Seventy percent of the population didn't want this. [...] 70 percent of the population in Stockholm want to keep a price for something that used to be free. [...]

And the other question, who changed their mind? Who changed their opinion, and why? So we did another interview survey, tried to figure out why people changed their mind, and what type of group changed their minds? And after analyzing the answers, it turned out that more than half of them believe that they haven't changed their minds.

Let me get this straight... if 40 % of the population changed their minds from don't want to want then obviously more than half haven't changed their minds.
Title: Re: Finding the best system of economy
Post by: jax on 2019-10-18, 14:38:26
The best thing about TED videos is you don't have to watch them.
Yes, that is one of the reasons I always try to link to the TED page rather than the Youtube equivalent, even though the latter can be embedded here as a video. More than half the TED talks I scan/consume I read rather than watch. If there is something interesting or visual in the transcript, you can click that to get to the corresponding part of the video, and vice versa.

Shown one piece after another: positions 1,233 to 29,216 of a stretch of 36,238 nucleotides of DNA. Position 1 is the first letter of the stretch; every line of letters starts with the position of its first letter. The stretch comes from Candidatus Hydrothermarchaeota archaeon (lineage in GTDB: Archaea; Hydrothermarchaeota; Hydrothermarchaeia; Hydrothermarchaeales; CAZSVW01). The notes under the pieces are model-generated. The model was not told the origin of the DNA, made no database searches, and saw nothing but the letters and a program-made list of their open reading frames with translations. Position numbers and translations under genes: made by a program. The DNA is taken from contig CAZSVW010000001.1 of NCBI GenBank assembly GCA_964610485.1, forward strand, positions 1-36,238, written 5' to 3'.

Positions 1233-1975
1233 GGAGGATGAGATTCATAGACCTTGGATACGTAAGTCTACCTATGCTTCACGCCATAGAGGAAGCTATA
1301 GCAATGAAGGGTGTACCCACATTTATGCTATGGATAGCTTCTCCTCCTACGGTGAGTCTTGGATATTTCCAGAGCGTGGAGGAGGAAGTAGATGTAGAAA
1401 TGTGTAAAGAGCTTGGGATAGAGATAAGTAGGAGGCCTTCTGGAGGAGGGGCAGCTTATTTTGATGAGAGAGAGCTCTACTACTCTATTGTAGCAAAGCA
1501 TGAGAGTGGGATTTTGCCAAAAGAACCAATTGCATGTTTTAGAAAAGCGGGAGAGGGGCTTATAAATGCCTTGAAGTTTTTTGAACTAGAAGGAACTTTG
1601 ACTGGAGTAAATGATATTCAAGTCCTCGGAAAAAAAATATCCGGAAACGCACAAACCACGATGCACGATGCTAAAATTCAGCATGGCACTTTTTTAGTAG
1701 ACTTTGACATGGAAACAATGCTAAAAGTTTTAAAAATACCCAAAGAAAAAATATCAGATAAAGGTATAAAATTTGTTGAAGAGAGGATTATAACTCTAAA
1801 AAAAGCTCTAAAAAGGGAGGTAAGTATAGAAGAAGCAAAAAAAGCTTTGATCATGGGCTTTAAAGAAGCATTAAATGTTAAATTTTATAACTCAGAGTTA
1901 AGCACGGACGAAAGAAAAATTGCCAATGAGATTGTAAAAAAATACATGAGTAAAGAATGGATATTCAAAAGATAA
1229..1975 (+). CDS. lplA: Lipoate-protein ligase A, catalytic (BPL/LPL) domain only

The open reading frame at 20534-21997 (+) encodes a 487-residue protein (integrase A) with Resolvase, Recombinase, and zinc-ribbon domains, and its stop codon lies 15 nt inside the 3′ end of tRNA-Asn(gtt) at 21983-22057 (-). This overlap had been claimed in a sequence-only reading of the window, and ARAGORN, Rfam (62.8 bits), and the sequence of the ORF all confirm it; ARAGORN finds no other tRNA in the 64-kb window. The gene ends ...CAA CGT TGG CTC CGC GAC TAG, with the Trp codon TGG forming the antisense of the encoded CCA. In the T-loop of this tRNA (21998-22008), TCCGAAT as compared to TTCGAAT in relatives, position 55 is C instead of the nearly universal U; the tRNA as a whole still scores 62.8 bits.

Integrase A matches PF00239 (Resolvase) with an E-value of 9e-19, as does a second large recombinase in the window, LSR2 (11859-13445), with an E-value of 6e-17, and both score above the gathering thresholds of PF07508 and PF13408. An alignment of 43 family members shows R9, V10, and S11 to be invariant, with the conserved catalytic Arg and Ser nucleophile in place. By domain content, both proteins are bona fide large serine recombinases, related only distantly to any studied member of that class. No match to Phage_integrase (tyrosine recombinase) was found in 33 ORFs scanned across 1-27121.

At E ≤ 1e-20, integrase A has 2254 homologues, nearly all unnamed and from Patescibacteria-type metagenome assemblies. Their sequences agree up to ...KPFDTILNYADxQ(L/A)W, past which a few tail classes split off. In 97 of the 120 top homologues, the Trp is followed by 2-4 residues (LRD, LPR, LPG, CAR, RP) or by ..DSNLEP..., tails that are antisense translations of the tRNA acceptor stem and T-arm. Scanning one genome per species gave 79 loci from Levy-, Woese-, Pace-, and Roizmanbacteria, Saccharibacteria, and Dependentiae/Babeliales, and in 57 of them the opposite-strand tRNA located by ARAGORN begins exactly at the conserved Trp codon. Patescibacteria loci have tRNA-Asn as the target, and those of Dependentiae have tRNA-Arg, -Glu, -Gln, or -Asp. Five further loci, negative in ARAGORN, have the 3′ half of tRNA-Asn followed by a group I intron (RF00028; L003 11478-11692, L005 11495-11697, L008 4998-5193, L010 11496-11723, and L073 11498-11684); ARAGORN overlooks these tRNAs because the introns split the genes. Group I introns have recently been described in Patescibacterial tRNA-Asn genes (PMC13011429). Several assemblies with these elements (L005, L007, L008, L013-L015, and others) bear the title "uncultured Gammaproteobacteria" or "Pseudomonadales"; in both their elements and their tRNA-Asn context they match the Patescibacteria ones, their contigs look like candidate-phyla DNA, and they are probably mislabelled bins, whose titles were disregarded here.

If 70% against turns to 30% against, at least 4/7 must have changed their minds (more if someone of those for had become against). Now he didn't say who they asked, so it is hard to say whether that is notable or not. If more than half of those who had changed their mind said that they hadn't, that's interesting. If it was more than half of those who hadn't, much less so (but still for those who have claimed to have changed their minds without actually doing so).
Title: Re: Finding the best system of economy
Post by: Frenzie on 2019-10-18, 20:33:31
I'm sure I'm marginal on some things but if I've learned anything from this tangent It's how little the economy is involved in my decision making. Even when money is tight a few dollars here or there isn't enough to deviate from what works and not needing to save a dollar has never stopped me from not spending it. Results may very of course.